The real surprise of the day was the AA-2495 loads. I had added that powder to the mix at the last minute (I was betting on Varget or Re-15 being the star performer). Of the 7 groups under 1/2MOA, 4 of them were with AA-2495 (1-70RDF, 2-73ELD, 1-75OTM) . There were 12 loads that shot between 1/2-1MOA, of those only 1 was AA2495. This powder is now on my radar.

    Click image for larger version  Name:	Best_Loads.jpg Views:	1 Size:	82.3 KB ID:	794522

    One comparison that proved interesting was 69SMK-23.5gr AA-2495 vs 23.5gr IMR-4895, both with CCI-4450/HB brass. AA touts its product as the "same" as IMR but my chrono said AA-2495 clocked 2601fps (SD=15) while the IMR-4895 load was going 2499 fps (SD=30) - 100fps difference. Both of these are less than the various load manuals indicate (2900fps 20"- even compensating for barrel length we all knew that would be the case). The AA load is a full grain higher than their current manual but their '94, '02 and '07 manuals list a max of 25.0. 23.8 and 24.0 respectively so I gambled and went with those in order to come up with a same-same comparison with IMR.

    While I intended on using Rem primers throughout, I already had some HB brass primed with CCI-450 so I segregated those to the new powders being tested and matched up the Rem 7 1/2 with the same powders from the previous set. Because of this, during primer analysis I noticed something odd... Along with the Faxon barrel I also got a BCG from them so it would be wear-mated to the barrel locking lugs. All of the CCI-450 showed a slight 1/8-moon crater around part of the firing pin hole and NONE of the Rem primers showed this deformation. Since the loads were not all that hot, two things come to mind... 1) the Rem primer cup must be slightly thicker, resisting deformation and 2) the hole cutter (man or machine) slipped/angled ...something and Faxon QA missed this. Nevertheless it shouldn't be a big issue, just another QA point to be noted.

    Click image for larger version  Name:	Good.jpg Views:	1 Size:	94.8 KB ID:	794523

    In summary, a total of 80 test loads and 400 rounds were shot over 3 days of range time (oh the burden I carry ). With this many loads its important to have a good ID system to identify loads during the entire process or when a box tips over spilling the contents (not that that has happened). I use a color sharpie mark on the head, correlated to my range sheet and excel database, which survives firing and comes off during cleaning.

    Click image for larger version  Name:	Load_Markings.jpg Views:	1 Size:	91.0 KB ID:	794524

    The overall results were much better when seating long heavy VLD bullets to mag length. I can't blame any one thing for the improvement as I did a few things different between sessions, but I'm convinced the OAL had a lot to do with it.

    The absolute best group (also in a long while for me) was a 70gr Nosler RDF, 23.2gr AA-2495 CCI-450, HB brass OAL 2.255" shot at 200 yds with a hot barrel...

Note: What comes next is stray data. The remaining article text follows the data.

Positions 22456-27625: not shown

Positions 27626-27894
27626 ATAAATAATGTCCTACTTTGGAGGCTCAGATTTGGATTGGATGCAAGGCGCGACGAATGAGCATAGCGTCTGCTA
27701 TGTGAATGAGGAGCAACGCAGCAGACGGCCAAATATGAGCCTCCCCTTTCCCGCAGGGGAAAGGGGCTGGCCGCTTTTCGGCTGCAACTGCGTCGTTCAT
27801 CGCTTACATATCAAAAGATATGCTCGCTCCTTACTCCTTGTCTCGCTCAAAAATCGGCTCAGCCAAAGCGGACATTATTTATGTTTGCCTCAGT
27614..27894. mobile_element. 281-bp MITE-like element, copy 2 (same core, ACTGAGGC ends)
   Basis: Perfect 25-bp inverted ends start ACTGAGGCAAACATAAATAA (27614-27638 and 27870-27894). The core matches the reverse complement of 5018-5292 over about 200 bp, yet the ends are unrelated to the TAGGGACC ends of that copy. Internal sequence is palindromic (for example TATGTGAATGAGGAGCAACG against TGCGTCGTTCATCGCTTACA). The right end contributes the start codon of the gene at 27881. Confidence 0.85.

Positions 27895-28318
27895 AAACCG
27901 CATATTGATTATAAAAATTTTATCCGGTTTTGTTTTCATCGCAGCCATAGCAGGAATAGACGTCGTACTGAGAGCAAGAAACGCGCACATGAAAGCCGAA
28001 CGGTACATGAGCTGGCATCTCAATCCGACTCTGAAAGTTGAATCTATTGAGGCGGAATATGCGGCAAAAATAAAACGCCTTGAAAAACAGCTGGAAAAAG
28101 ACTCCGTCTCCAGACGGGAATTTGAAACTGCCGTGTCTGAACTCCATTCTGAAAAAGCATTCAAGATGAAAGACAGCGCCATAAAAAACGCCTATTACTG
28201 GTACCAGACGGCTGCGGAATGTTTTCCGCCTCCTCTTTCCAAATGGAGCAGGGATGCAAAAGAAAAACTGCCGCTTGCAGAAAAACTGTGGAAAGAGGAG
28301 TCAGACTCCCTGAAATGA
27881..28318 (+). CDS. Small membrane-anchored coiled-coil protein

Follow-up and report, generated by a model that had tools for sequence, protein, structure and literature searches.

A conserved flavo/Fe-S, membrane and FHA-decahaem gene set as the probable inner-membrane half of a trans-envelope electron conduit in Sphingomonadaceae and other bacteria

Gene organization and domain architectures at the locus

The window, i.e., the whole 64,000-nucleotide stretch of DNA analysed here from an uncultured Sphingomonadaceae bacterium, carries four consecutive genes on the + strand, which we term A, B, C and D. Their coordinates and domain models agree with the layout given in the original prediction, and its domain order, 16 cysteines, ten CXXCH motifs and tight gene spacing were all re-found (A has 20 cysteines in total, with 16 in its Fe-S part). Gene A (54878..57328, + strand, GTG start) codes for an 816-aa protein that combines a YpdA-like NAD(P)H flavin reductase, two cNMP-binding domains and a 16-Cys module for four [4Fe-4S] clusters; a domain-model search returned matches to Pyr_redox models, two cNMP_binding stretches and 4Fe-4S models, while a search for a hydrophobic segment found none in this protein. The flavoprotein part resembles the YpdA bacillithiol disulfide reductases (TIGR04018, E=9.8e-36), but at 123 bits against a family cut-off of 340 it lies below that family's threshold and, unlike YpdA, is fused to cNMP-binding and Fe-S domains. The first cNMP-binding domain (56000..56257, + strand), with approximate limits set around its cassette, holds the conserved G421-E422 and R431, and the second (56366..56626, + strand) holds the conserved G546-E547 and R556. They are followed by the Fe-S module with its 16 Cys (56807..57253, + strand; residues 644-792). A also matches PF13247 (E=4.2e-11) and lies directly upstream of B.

String #27 Target #124 (3-shot MOA 0.16") 5-shot MES-0.75", MOA=0.36" Dead center -
    This one is going in my wallet.

    Click image for larger version  Name:	70.RDF-a2495.jpg Views:	1 Size:	36.2 KB ID:	794525

    OK, there it is- I've beat this keyboard enough for one day...

    Note to admin - every time I try to save the post I get the following error...
    Error information: " 0 parsererror SyntaxError: JSON.parse: unexpected character at line 9 column 15 of the JSON data"
    ...ah so, that was because I was cutting/pasting images directly instead of linking to a web host....
    Last edited by Silvertip; 01-04-2018, 15:38.
    That's my opinion and I'm stick'n to it...
    ...till I change my mind.

    Comment


    • #3
      The amount of effort in this project is impressive. I have been following your other thread but didn't comment. A lot of good advice there. The thing I was going to say and was brought up by others and that I think you proved to yourself was to just load to mag length for AR's. My favorite 1:8 load, 25.3 Varget, 69 SMK didn't work so well for you. I see yours used 68gr but still... My question is did you satisfy your urge to have a one round for three rifles? You never really said what they are for?

      The old farmer with 3 guns would say, "I have a rabbit gun, a bird gun, and a deer gun" Translated = .22, 12ga, and a 30-30. His grandson shoots 3-gun competition, Translated = AR, 12ga semiauto, and a 9mm pistol. Poor analogies I suppose but you realize at least two of them are going to be a compromise. I have 9 .223's and I gave up with six different loads. I use them for prairie dogs, coyotes, deer, targets, and plinking, etc. 1:12 to 1:7 twists. I'm not trying to be negative as I'm sure I'll never be satisfied myself? Always searching for the perfect load.

      Comment


      • #4
        Like you I have a fair number of guns of the same caliber. Most of my shooting these day is for fun. Neither the 'ol knees don't hike rock piles and the 'ol eyes don't see as far, like they used to. I still like to find that one purpose load that is best for each gun, however I also like to load up a big batch and put it away for use as may come along or be needed whatever I'm shooting.

        An example is my M193 dupe load. In that example I want it to shoot well out of all my 223's since I often use it for sighting-in, breaking in, a chrono check or just practice. When developing that particular load I had 2 criteria in mind (well maybe 3)... first it had to duplicate milsurp velocity in whatever length barrel I shot it from. To gauge that I shot various milsurp loadings from my various rifles and came up with a minimum velocity my load had to make in each. The second criteria was that it needed to be more accurate (precise i probably should say) than the 3-4" MOA common to milsurp. The other bonus factor was if I could get it with different components and not be dependent on one primer or powder.